Reception Area
31 Jan

Making the First Impression to Patients Part Two

In the second half of our First Impression series, we will cover your actual office. If you missed the first half, click here. From location to dress code, everything gives your patients an impression about your practice.

The Office

Patients should not have trouble finding you. If you are not a stand-alone building, make sure there is adequate signage for patients to be able to find your office and your front door. All of those home shows have it right – curb appeal is critical. Is the landscaping around your office neat? Is the entrance to the office clutter-free? Do what you can within the confines of your lease to ensure patients feel welcome before they enter the office.

Do you have a policy and procedure in place for your front desk to greet patients as they come in? You should! There should always be someone at the front desk to greet the patient at sign in and provide them direction on next steps, be it paperwork or just signing in and having a seat.

Regarding seating, re-think your waiting room. In fact, discontinue using the term “waiting room.” The name alone places an emphasis on waiting – not something you want your patient to do. Think of it instead as your reception area. Make sure your reception area is well lit, has an accommodating flow and comfortable seating. Is a coffee table necessary to the area? Could it be a hazard to any mobility challenged patients? Also, consider chairs with arms for your waiting room as some patients may need that boost to get up from their seat.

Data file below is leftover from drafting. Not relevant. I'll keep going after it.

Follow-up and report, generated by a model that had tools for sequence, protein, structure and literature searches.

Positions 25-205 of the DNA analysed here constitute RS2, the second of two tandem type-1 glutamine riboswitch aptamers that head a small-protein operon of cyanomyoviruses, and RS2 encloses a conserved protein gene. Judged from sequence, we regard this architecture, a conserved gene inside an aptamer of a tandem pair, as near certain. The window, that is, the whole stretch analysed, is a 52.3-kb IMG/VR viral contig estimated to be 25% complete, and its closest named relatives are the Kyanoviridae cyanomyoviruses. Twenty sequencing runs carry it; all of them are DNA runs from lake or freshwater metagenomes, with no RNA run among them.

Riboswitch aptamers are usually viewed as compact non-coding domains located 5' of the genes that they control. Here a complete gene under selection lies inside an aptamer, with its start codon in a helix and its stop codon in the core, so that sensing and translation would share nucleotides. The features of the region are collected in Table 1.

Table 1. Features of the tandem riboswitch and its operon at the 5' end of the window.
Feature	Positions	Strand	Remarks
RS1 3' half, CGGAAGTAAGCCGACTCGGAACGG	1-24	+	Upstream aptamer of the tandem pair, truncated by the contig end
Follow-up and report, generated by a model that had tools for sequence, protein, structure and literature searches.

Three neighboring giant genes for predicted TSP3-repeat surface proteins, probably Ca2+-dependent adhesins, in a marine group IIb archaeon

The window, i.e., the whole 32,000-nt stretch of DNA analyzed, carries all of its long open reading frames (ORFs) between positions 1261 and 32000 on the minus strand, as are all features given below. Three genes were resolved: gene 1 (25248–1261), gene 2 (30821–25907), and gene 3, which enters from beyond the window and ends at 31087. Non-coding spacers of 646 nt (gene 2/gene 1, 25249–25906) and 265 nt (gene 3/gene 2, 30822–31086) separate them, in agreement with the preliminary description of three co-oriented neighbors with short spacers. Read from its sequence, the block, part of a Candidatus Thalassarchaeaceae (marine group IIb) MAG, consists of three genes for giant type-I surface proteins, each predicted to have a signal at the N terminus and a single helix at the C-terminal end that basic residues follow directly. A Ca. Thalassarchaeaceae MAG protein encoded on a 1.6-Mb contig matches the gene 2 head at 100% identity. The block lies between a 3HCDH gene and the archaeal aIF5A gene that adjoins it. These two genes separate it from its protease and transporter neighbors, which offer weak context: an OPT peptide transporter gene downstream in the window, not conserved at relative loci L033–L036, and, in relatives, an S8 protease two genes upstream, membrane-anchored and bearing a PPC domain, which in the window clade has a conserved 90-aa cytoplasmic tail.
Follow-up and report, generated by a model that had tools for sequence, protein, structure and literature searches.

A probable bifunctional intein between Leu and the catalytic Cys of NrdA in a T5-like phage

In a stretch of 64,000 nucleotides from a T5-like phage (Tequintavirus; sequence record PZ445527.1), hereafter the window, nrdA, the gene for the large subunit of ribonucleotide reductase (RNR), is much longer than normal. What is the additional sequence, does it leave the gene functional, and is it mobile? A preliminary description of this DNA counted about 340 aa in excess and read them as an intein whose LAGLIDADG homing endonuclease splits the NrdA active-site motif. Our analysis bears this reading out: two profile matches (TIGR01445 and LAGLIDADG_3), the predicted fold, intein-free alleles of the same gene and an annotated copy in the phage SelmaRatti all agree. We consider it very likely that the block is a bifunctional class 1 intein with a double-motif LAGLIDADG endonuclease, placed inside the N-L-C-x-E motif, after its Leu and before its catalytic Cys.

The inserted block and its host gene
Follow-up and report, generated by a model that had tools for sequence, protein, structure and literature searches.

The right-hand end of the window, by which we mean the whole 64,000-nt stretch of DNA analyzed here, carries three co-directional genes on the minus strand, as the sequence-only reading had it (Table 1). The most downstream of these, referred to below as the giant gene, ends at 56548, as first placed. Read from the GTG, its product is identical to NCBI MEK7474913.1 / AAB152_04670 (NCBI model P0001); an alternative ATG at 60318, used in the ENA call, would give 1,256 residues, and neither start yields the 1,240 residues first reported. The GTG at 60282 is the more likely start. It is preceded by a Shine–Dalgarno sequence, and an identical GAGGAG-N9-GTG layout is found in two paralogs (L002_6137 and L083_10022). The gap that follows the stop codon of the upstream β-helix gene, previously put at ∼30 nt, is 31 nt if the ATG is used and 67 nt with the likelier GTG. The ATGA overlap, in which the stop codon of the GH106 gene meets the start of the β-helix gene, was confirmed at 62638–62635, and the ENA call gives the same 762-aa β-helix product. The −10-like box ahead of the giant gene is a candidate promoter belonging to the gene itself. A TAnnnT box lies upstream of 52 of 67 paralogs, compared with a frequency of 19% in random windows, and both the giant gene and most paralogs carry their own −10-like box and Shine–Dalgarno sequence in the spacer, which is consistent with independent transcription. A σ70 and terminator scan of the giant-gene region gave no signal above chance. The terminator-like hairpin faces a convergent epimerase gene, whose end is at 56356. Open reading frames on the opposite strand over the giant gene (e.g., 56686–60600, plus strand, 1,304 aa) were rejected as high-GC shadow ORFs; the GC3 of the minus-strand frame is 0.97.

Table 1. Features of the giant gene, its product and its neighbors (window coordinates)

Your phones should always be manned during business hours. Staggered lunches can ensure someone is available to cover the reception area and phones throughout the day. Many patients may only have their lunch break to call to make their appointment, and nothing is more frustrating than calling any office to roll straight to a voice mail saying you are closed for lunch and to call back during business hours.

Lastly, staffing. Does the clinical staff have a sense of urgency in seeing each patient? Does the provider? Many lessons are learned from the top down. Most staff will follow their provider’s lead.

Does your office have a dress code? Is it being followed? Ensure staff are dressed according to your office standards and any staff not in scrubs are at least in business casual attire.

They may seem like small things, but everyone is influenced by aesthetics. Your practice’s aesthetic should be pleasing to both staff and patients alike.

Interested in more like this?

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Donna White

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